Allen & Heath Avantis makes things easy for Jason Lovins Band.

A 64-channel Allen & Heath Avantis console powers Jason Lovins Band’s FOH sound. Photo: Allen & Heath

Jason Lovins Band, an independent Christian rock group based out of Kentucky, has been touring consistently in houses of worship and college campus ministries since its formation in 2001. “We’re on the road about forty weeks a year,” said the band’s Production Manager and sound engineer Chris Music. “It’s a big operation.”

The band’s audio needs are handled by a 96kHz 64-channel Allen & Heath Avantis console. “We’ve loved using the Avantis,” said Music. “We used to have some external plugins included with our touring rig, but the Avantis’ dPack upgrade has eliminated the need for most of those.” 

Allen & Heath’s dPack plugin package brings Avantis consoles to the next level, featuring DEEP processing functions from the brand’s flagship dLive series. “The dPack is where the Avantis shines, for sure – especially the analogue compressor models. I like compressors that can give a channel some character to make it sit differently in the mix.”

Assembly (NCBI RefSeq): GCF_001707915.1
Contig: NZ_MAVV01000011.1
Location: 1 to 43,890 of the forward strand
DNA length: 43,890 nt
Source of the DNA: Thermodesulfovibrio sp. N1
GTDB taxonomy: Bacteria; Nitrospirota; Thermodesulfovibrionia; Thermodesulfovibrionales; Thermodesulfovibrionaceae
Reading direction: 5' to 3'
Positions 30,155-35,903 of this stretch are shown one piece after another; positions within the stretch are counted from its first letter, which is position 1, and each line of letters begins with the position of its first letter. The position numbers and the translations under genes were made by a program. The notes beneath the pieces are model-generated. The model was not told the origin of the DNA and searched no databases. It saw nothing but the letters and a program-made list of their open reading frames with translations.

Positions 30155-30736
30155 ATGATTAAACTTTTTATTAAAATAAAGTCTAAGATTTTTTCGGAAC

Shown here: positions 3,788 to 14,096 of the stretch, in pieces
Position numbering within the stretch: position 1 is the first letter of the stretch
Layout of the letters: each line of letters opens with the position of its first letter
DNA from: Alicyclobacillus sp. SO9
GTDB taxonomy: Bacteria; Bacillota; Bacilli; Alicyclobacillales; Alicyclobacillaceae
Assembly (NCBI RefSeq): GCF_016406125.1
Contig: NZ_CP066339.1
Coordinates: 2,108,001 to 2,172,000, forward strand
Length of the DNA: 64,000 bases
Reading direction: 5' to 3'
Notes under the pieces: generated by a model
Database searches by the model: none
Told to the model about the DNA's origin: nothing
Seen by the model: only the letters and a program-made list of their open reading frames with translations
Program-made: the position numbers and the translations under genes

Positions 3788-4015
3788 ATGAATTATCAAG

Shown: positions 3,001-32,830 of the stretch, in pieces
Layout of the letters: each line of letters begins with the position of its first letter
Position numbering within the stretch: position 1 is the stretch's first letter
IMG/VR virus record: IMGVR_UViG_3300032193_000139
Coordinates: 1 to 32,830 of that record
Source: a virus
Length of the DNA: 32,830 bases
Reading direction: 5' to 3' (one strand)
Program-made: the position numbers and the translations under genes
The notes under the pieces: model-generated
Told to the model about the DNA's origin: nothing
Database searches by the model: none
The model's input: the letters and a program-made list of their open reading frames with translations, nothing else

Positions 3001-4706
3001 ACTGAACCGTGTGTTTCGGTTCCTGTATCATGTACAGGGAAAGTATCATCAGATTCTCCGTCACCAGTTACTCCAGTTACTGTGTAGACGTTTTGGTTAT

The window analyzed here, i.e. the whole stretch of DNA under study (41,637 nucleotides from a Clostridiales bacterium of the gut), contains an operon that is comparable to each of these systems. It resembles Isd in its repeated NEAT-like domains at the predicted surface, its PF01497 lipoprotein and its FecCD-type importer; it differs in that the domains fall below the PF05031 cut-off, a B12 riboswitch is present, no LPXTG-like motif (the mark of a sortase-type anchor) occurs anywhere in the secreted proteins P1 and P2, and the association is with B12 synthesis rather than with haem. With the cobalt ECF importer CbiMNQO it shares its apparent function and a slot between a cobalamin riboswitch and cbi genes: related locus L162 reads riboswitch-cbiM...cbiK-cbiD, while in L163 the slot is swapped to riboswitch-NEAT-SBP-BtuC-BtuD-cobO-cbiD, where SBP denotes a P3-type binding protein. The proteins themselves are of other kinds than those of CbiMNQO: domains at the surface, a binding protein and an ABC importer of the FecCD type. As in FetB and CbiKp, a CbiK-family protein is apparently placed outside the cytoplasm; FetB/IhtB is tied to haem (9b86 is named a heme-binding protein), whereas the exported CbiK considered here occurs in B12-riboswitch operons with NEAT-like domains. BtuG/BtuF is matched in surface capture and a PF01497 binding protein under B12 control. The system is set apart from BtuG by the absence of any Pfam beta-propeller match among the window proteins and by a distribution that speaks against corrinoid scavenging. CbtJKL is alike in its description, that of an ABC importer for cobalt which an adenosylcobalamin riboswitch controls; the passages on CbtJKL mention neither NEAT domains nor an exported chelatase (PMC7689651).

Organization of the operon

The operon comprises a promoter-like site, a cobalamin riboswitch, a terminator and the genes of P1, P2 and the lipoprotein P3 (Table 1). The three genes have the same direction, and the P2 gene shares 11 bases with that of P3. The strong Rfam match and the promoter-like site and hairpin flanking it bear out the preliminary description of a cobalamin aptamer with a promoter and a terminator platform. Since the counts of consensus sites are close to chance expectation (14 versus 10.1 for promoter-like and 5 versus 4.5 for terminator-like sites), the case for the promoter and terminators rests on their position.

Music still keeps a 128-channel Waves card installed in his Avantis, both to run some specific plugins off a server and to run playback tracks off a computer for virtual soundcheck. The band also employs an Allen & Heath GX4816 stagebox for remote I/O, which features 48 mic preamps and 16 line outputs. An additional DX168 expander is then daisy-chained off the main stagebox, which Music uses to cleanly connect all the drum mics with minimal cabling.

Since switching to Avantis, Music has found his workflow significantly improved. “I love the way you can lay out channels flexibly across the many available layers,” he noted. “I don’t like to fit everything on one layer, I like to have things organised so I can page through and access what I need.” 

For the band’s monitors, Music sets up a router and multiple iPads running a mix of the free Avantis OneMix and MixPad applications. This allows each band member to have full control over their own AUX output, without needing a dedicated monitor engineer. “The band likes to be super hands-on,” said Music. “Having them control their own mixes makes things easy for me.”